Economy Online News
US stocks slid Wednesday following data that showed a slowdown in inflation, but less than investors had expected. Online News
European stocks, which had been trading strongly higher, pared their gains after the US Labor Department said the consumer price index (CPI) rose by 8.5 percent in April, down from the 8.5 percent annual gain registered in March.
Briefing.com analyst Patrick J. O’Hare said the 0.3 percent month-on-month gain in the overall CPI was above the consensus expectation of 0.2 percent.
The 0.6 jump in monthly core CPI, which excludes food and energy costs, was also above the consensus of 0.4 percent.
“The key takeaway from the report is that it provided some leeway that suggests peak inflation might have been hit, but with the moderation not as significant as had been hoped, it also stirred concerns that inflation might stick at persistently high levels longer than anyone would like, including the Fed,” said O’Hare.
The US Federal Reserve and other central banks have been hiking interest rates to tackle decades-high inflation, both of which tend to slow economic growth.
So far the European Central Bank has been reluctant to follow suit, but on Wednesday, ECB president Christine Lagarde hinted that it could raise interest rates from historic lows as soon as July.
On Wall Street, the Dow dipped 0.2 percent after a couple minutes of trading, with the S&P 500 shedding 0.5 percent and the tech-heavy Nasdaq dropping 1.1 percent.
In afternoon European trading, London was up 0.5 percent, Frankfurt added 0.8 percent and Paris climbed 1.2 percent.
Ahead of the inflation number, equities also won a boost from US President Joe Biden’s administration looking at possibly lifting trade tariffs on China to try and control inflation.
Equities have been on another roller-coaster ride this week amid high inflation concerns, the Russian invasion of Ukraine and impact of China’s Covid-19 lockdowns on supply chains.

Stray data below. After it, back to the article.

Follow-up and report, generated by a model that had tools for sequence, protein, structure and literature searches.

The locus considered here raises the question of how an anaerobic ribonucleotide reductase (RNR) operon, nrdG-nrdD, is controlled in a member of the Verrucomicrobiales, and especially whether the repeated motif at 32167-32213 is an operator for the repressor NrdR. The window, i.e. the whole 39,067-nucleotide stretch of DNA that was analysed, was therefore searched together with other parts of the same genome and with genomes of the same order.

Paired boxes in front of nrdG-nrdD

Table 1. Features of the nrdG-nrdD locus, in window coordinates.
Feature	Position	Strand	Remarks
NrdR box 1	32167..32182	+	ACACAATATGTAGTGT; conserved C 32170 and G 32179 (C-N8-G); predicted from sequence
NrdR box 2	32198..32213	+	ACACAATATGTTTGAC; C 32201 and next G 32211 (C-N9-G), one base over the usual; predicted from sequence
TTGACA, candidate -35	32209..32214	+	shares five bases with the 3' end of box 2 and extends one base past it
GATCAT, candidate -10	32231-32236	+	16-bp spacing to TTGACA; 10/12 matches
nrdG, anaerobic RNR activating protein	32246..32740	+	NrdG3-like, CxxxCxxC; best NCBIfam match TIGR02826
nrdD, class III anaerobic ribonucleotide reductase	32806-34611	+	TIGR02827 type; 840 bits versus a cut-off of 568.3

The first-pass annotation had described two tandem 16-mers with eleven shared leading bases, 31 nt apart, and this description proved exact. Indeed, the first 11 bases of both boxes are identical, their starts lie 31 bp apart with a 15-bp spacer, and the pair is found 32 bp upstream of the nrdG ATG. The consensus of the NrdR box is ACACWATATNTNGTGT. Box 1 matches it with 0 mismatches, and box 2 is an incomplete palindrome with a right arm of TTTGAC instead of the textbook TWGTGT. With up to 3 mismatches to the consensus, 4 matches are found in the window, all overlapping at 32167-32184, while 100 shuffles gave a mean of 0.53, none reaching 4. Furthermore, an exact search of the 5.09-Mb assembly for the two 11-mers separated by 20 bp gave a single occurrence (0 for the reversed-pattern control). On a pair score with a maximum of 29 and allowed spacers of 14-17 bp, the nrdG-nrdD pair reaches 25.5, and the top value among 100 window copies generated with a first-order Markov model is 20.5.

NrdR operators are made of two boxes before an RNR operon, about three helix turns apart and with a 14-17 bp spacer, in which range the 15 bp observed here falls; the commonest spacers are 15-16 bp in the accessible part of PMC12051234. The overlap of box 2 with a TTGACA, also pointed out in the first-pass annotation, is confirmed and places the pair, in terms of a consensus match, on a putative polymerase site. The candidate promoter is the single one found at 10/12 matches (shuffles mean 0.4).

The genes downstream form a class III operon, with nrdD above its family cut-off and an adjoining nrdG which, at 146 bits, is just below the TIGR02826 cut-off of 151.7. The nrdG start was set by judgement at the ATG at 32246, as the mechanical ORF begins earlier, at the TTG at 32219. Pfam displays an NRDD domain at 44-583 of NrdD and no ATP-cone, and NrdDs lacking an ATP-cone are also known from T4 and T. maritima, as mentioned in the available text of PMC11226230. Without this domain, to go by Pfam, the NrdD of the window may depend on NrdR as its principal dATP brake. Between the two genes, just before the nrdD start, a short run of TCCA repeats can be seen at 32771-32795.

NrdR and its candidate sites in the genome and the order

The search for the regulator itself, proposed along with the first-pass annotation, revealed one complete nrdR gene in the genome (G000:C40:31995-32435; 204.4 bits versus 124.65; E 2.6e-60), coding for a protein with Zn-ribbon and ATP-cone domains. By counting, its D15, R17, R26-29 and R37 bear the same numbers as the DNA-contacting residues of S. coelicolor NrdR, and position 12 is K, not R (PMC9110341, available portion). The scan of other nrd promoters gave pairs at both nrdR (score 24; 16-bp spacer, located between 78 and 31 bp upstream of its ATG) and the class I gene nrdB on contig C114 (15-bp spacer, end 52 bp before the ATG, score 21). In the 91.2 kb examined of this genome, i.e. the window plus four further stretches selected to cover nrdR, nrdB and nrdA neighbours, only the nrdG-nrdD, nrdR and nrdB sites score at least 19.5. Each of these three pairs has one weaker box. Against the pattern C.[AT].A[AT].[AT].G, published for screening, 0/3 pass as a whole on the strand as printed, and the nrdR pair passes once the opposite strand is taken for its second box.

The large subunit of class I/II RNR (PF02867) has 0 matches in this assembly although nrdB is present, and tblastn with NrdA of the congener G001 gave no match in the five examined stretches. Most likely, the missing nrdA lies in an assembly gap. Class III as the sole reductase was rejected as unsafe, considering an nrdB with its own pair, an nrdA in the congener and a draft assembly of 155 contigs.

Economy Online News
Global investors have been spooked by China’s sinking April exports — the lowest in almost two years — as well as data showing its consumer inflation had risen at the quickest pace in nearly half a year.
Meanwhile global oil prices rose around 5 percent on Wednesay on concerns over Russia’s war in Ukraine, China’s Covid lockdown and slowing US inflation.
A day after briefly falling below $100 per barrel, benchmark US oil contract WTI surged back above to $105 per barrel.
On the corporate front Wednesday, Marlboro-maker Philip Morris International said it had offered $16 billion to acquire smokeless tobacco company Swedish Match as the US group aims to move away from its traditional cigarette business.
The board of Swedish Match recommended that its shareholders accept the bid of 106 Swedish kronor per share, nearly 40 percent above its closing share price on Monday, the companies said.
The deal would total 161.2 billion Swedish kronor (15 billion euros).
Philip Morris shares rose 1.3 percent in morning trading in New York.
- Key figures at around 1330 GMT –
London – FTSE 100: UP 0.5 percent at 7,282.66 points
Frankfurt – DAX: UP 0.8 percent at 13,638.08
Paris – CAC 40: UP 1.2 percent at 6,191.69
EURO STOXX 50: UP 1.1 percent at 3,592.41
New York – Dow: DOWN 0.2 percent at 32,085.75
Hong Kong – Hang Seng Index: UP 0.9 percent at 19,824.57 (close)
Shanghai – Composite: UP 0.8 percent at 3,058.70 (close)
Tokyo – Nikkei 225: UP 0.2 percent at 26,213.64 (close)
Brent North Sea crude: UP 4.7 percent at $107.23 per barrel
West Texas Intermediate: UP 5.5 percent at $105.26 per barrel
Euro/dollar: UP at $1.0553 from $1.0534 at 1630 GMT Tuesday
Pound/dollar: UP at $1.2353 from $1.2332
Euro/pound: DOWN at 85.43 pence from 85.49 pence
Dollar/yen: DOWN at 130.36 yen from 130.41 yen
© Agence France-Presse. All rights are reserved.
Online News Economy